Activists and supporters of Jamaat-e-Islami Pakistan take part in an anti-France demonstration in Lahore, Pakistan on Thursday, amid a wave of demonstrations in Muslim countries over French President Emmanuel Macron’s defense of the right to publish cartoons of the Prophet Muhammad. Photo: AFP
French Interior Minister Gerald Darmanin arrived in Algeria Saturday to discuss tackling extremism and illegal immigration, in the wake of recent attacks in France.
He and his Algerian counterpart will discuss bolstering coordination between the two countries “in a number of areas,” according to a statement by Algeria’s Interior Minister Kamel Beldjoud.
The North African nation’s “valuable expertise” in tackling “terrorism… makes it a strategic partner for France,” the French embassy said in Algeria on Saturday.
Darmanin arrived in the capital Algiers after a tour of several Mediterranean countries, including neighboring Tunisia.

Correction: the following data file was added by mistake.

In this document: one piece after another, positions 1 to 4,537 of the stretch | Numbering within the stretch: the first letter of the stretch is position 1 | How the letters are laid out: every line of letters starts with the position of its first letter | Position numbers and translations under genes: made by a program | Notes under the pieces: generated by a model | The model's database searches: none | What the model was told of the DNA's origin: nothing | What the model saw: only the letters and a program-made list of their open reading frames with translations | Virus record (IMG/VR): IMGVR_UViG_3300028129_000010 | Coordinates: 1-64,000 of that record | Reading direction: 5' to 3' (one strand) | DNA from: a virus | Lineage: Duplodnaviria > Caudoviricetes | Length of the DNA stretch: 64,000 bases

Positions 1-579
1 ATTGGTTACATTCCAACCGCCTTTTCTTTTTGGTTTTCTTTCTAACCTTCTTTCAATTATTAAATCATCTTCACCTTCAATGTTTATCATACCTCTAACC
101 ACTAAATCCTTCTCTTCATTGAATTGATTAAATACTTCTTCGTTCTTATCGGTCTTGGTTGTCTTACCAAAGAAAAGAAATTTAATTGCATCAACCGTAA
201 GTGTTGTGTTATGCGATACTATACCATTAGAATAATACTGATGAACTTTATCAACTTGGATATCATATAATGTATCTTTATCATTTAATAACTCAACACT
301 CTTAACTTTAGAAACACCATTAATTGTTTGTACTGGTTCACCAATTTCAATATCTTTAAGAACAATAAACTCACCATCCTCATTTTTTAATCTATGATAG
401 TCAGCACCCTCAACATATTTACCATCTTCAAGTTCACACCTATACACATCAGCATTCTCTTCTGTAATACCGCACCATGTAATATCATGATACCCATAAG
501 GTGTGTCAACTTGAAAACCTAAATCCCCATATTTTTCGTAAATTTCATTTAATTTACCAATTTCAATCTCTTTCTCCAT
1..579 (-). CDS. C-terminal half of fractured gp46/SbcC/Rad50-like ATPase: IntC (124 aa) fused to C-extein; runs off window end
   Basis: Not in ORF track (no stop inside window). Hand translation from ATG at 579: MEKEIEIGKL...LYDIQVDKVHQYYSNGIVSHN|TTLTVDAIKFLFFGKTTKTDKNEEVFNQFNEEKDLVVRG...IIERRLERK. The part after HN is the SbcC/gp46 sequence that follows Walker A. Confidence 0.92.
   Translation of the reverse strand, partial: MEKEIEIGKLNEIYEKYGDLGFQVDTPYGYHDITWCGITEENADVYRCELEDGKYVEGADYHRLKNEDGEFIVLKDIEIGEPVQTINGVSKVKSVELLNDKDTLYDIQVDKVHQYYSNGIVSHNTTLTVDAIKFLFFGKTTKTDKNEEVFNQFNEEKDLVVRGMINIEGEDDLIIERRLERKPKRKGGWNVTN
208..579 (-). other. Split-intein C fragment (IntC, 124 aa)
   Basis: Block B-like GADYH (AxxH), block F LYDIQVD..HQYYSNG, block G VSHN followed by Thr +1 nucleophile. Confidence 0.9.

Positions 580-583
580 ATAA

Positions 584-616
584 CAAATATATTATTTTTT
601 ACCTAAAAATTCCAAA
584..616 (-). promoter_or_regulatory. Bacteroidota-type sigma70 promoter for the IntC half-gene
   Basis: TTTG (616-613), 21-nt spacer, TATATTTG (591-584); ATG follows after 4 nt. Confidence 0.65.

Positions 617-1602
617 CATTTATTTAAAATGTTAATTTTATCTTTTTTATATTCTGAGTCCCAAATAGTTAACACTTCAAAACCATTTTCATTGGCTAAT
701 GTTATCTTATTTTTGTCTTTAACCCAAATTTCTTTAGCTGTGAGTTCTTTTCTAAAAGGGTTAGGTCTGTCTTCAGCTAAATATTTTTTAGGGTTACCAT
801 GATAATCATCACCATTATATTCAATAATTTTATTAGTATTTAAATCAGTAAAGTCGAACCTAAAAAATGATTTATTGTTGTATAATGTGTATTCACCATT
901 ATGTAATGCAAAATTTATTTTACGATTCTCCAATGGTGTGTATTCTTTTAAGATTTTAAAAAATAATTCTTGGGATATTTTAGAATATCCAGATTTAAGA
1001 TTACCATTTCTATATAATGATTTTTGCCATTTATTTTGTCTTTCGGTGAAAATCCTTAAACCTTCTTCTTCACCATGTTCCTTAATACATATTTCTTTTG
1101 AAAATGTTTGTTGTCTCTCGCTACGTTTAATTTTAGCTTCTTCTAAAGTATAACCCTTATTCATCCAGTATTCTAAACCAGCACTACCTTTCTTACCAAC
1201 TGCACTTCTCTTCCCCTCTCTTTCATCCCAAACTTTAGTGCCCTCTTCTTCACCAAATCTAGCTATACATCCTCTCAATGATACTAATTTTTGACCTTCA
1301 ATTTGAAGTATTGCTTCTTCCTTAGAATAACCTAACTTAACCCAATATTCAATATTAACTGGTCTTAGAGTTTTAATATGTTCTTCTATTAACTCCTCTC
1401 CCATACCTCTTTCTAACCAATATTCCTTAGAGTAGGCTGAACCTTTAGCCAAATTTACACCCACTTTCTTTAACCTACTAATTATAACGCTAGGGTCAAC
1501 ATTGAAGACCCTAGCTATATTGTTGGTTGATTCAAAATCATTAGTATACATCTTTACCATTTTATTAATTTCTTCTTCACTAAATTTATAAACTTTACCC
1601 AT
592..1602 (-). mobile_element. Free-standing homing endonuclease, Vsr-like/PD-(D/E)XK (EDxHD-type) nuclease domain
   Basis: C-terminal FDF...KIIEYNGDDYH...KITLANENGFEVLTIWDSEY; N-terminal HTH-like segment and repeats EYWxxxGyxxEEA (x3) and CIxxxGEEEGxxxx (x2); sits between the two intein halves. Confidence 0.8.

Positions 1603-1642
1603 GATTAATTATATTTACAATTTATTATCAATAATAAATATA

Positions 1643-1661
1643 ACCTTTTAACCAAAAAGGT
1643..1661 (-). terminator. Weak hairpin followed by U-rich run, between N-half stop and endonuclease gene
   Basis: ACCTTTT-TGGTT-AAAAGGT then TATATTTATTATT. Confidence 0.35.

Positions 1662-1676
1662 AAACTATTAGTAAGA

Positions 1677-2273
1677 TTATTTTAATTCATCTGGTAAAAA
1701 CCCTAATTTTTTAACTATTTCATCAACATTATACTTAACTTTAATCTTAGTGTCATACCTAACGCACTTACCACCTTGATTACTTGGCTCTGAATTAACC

The French interior minister is also expected to raise the issue of illegal immigration.
Darmanin’s visit to North Africa was scheduled some time ago but took on new urgency after a deadly attack on a church in the French city of Nice late in October.
The suspected attacker, identified as 21-year-old Tunisian Brahim Aouissaoui, had arrived in Europe illegally in September.
As he did in Tunisia, Darmanin is expected to present Algeria with a list of its nationals present illegally in France and suspected of radicalization whom Paris wishes to expel.
Sources close to Darmanin have said that 70 percent of over 230 foreigners illegally in France and suspected of radicalism are from the Maghreb region, which includes Tunisia and Algeria, and from Russia.
According to European border security agency Frontex, more than 6,000 Algerians crossed the Mediterranean in the first eight months of 2020, though some migration experts say the real number is likely to be higher.